Jonathon rigged an overhead camera in Jon’s studio, along with professional lighting. The camera was set to capture 4K images framed on the entire canvas. This would allow for ample zoom when editing later in the process, without concern about pixelizing.
Picture this workflow: The mounted camera was set on a timer to take one photograph per minute during Jon’s painting. Jon was working away. He heard the beep of a forthcoming camera shot. He momentarily stepped back and out of the frame. He waited. The camera took the shot. Jon then returned to the work.
For our video, this cycle occurred a staggering 15,000 times (yes, fifteen thousand).
That is 250 hours (yes, two hundred and fifty hours) of Jon’s active, minute-per-minute artistry, captured.
This is a view from the camera down to the canvas, and an example of one of the thousands of photos assembled into a stop-motion animated work.
On top of this stop-motion animation, we wanted to add fluidity, focus and performance. How to do so in a manner that would reflect Jon Todd’s style? In a way that would be integrated and compatible with the underlying paintings?
Enter Neural Style Transfer (NST) software, the second major approach fused into this video. NST is a form of machine learning and artificial intelligence. The first step of the plan called for me and other actors/dancers to perform on video in a green screen studio.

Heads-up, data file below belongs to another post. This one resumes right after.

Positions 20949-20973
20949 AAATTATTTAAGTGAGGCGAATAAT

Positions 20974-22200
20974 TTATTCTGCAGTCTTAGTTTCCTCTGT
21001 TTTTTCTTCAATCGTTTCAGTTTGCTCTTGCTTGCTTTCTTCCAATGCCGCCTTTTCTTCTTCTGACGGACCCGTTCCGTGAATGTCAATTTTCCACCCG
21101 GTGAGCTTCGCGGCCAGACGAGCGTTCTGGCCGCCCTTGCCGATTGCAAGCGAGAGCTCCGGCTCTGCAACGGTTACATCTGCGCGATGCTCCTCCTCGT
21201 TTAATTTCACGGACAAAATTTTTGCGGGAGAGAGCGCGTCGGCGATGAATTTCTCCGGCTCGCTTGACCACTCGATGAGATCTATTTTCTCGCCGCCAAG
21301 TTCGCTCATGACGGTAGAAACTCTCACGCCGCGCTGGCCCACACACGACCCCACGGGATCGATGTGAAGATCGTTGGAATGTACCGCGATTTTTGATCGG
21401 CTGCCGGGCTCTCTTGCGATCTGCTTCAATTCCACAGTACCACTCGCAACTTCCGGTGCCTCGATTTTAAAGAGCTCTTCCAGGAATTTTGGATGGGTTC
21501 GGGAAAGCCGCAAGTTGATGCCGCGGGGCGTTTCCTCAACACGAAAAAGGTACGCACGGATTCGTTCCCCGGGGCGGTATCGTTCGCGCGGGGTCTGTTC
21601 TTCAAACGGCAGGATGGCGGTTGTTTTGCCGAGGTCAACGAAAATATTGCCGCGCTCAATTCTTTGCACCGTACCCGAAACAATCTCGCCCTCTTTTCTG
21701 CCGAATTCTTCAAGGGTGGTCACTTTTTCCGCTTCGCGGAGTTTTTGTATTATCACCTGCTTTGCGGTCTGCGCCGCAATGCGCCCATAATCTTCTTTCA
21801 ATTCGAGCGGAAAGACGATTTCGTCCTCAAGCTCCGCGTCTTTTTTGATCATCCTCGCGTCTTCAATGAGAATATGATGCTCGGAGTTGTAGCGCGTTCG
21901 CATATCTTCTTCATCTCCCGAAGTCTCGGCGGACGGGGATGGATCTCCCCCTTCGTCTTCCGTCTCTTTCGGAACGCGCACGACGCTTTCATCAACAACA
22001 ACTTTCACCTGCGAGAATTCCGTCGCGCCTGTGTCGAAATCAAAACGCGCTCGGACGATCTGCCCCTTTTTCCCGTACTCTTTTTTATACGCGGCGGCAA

Selected frames of these videos — about one frame per 48 frames of video (roughly 1/24 of a second, every 2 seconds of play) — were isolated and provided as still photos to Jon Todd. Jon then used digital tools to paint each of these frames in his style, as seen below.
We then fed each of these painted frames into the Neural Style Transfer software, along with the full length green screen performances on video. Over time, the artificial intelligence “learned” how to paint the next 47 frames of video in each two-second interval.
The processing demands of this software were extraordinary. To render an outcome suitable for viewing, each performance took as long as two full days of high-intensity processing. Need to make an edit to a key frame? Another day or two of rendering.
The Neural Style Transfer outputs, once having successfully “painted” a performance, were then married together with the underlying stop-motion animation in yet another specialized video editing software. Jonathon spent hundreds of hours here: colorizing, blending, adjusting timing, executing visual effects, managing transitions.
The editing software allows individual components of the video to be separated into layers, so that each variable can be edited in isolation of the others. This enables incredible control over the total project, but also increases complexity. By the end of the project, Jonathon was editing in hundreds of layers of content.
After six months of effort, we completed the video. I am deeply indebted to all of my collaborators for their amazing contributions.
As subscribers to this project, you were the first to see The Idea. If, by chance, you missed that opportunity, here is the finished video. I hope this background story helps you understand what took place in the production of the video, and allows a better interpretation of what you are seeing.
Thank you for sharing in this with me.
music for scientists